The Colorado School of Mines has used the Edgar Mine in Idaho Springs as an experimental mine to teach students since 1921. On Dec. 14, the Subcommittee on Energy and Mineral Resources held a historic field hearing about the future of mining education in the United States in a classroom 1,000 feet inside the Edgar Mine.
Representatives Doug Lamborn (R-CO), Rob Bishop (R-UT), Cresent Hardy (R-NV) and Ed Perlmutter (D-CO) were on hand for the first ever congressional hearing held in a mine to listen to testimony supporting the Mining School Enhancement Act which was introduced to congress by Hardy and Perlmutter on Oct. 9, 2015. The act, which is part of a larger mining development and reclamation reform package, seeks to address the absence of a viable pipeline necessary to replenish current faculty vacancies in United States Mining Schools.
The legislation was initiated in response to the EPA’s handling of the Gold King Mine Spill. The package addresses systemic problems in mining development and reclamation. It includes H.R. 3844 (Rep. Jody Hice), the “Energy and Minerals Reclamation Foundation Establishment Act” which creates a foundation to facilitate cleanup of abandoned mine lands (AML) and orphaned oil and gas well sites. And H.R. 3843 (Rep. Lamborn), the “Locatable Minerals Claim Location and Maintenance Fees Act” which establishes Good Samaritan provisions that incentivize private sector remediation of abandoned mine land.
“What better place to hold a hearing to discuss the need for future mining engineering experts,” Subcommittee Chair Lamborn said in his opening statement. “It is a need felt by industry, states, the federal government as well as nonprofits.”
SME has long been aware of the impending crisis the industry faces as an estimated one third of its workforce speeds to retirement age with very few qualified engineers on deck to replace them. It is a problem that is rooted in the nation’s mining education programs which have shrunk from 25 in 1982 to just 14 in 2003. And the number of faculty has declined from 120 in 1984 to 70 in 2007. The 14 accredited mining engineering schools have produced an average of less than 200 graduates per year for the past decade. Of this relatively low number of graduates only a few choose to pursue a career in academia and fewer still can advance through the tenure track program. In turn, fewer faculty in the future will mean even fewer graduates.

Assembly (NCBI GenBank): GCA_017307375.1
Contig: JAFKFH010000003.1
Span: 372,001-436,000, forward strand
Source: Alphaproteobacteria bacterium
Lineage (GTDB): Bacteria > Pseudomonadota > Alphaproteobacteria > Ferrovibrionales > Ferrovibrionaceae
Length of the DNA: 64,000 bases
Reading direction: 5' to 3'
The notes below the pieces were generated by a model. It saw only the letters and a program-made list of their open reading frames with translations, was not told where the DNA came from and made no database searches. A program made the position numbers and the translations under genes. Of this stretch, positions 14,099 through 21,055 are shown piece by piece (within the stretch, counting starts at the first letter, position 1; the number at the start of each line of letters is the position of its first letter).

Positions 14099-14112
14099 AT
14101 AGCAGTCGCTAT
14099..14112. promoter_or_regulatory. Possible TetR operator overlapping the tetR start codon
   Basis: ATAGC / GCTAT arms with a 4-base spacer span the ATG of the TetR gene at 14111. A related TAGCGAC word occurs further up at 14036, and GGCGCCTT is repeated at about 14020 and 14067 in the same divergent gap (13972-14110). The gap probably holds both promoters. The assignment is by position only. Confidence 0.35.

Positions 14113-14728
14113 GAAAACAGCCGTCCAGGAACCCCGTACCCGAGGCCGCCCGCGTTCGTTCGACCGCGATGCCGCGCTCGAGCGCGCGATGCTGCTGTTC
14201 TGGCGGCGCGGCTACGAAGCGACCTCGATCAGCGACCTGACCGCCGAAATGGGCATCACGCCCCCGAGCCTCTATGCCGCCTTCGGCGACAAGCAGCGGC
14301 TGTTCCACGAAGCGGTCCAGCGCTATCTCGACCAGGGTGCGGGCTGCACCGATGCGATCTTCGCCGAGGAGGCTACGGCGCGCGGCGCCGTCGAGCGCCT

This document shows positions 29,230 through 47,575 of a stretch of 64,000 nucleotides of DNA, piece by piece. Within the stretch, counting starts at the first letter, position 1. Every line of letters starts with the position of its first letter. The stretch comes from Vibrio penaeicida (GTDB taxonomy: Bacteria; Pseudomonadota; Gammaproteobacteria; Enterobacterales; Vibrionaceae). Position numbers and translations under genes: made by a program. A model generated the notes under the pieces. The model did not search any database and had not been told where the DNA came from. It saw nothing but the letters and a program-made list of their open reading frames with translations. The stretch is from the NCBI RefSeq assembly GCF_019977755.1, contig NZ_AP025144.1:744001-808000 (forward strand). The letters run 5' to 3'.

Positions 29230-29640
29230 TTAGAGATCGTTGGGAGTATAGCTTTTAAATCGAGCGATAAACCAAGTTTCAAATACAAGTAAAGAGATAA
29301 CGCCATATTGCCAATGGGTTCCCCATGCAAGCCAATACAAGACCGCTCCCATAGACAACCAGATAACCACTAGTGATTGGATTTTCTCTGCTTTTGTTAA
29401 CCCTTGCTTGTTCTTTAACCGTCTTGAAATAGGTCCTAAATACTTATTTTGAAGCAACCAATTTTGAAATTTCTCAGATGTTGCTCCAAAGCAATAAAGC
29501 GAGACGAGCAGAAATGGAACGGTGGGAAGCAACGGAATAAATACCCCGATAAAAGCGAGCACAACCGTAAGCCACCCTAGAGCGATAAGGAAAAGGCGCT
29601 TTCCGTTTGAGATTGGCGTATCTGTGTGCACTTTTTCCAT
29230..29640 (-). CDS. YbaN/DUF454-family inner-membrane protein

It is an issue that two of the panelists; Leigh Freeman, principal of Leigh Freeman Consultancy, and Hugh Miller, associate professor at the Colorado School of Mines, have addressed head on. Freeman was appointed to the ad hoc committee of the National Academy of Sciences for a study of "Emerging Workforce Trends in the US Energy and Mining Industries.” And Miller serves as the chair of SME Education Sustainability Committee. The third panelist, Nancy Nuttbrock of the Brieley and Associates, served as administrator of the Land Quality Division of the Wyoming Department of Environmental Quality (DEQ) and subsequently was elevated to the position of Deputy Director of Wyoming’s DEQ.
“Mining education is at risk,” said Miller. “The continued loss of programs and the talent they generate will have a profound impact on the nation’s economy and security. Without significant near-term investment, academic institutions will not have the capacity to produce the graduates necessary to the sustain the industry demand. There are opportunities however, where the federal government can make a difference by investing in meaningful research initiatives that encourage, industry, university and government collaboration.”
“The testimony confirmed what we have heard before and gives great urgency to get this accomplished,” said Rep. Bishop.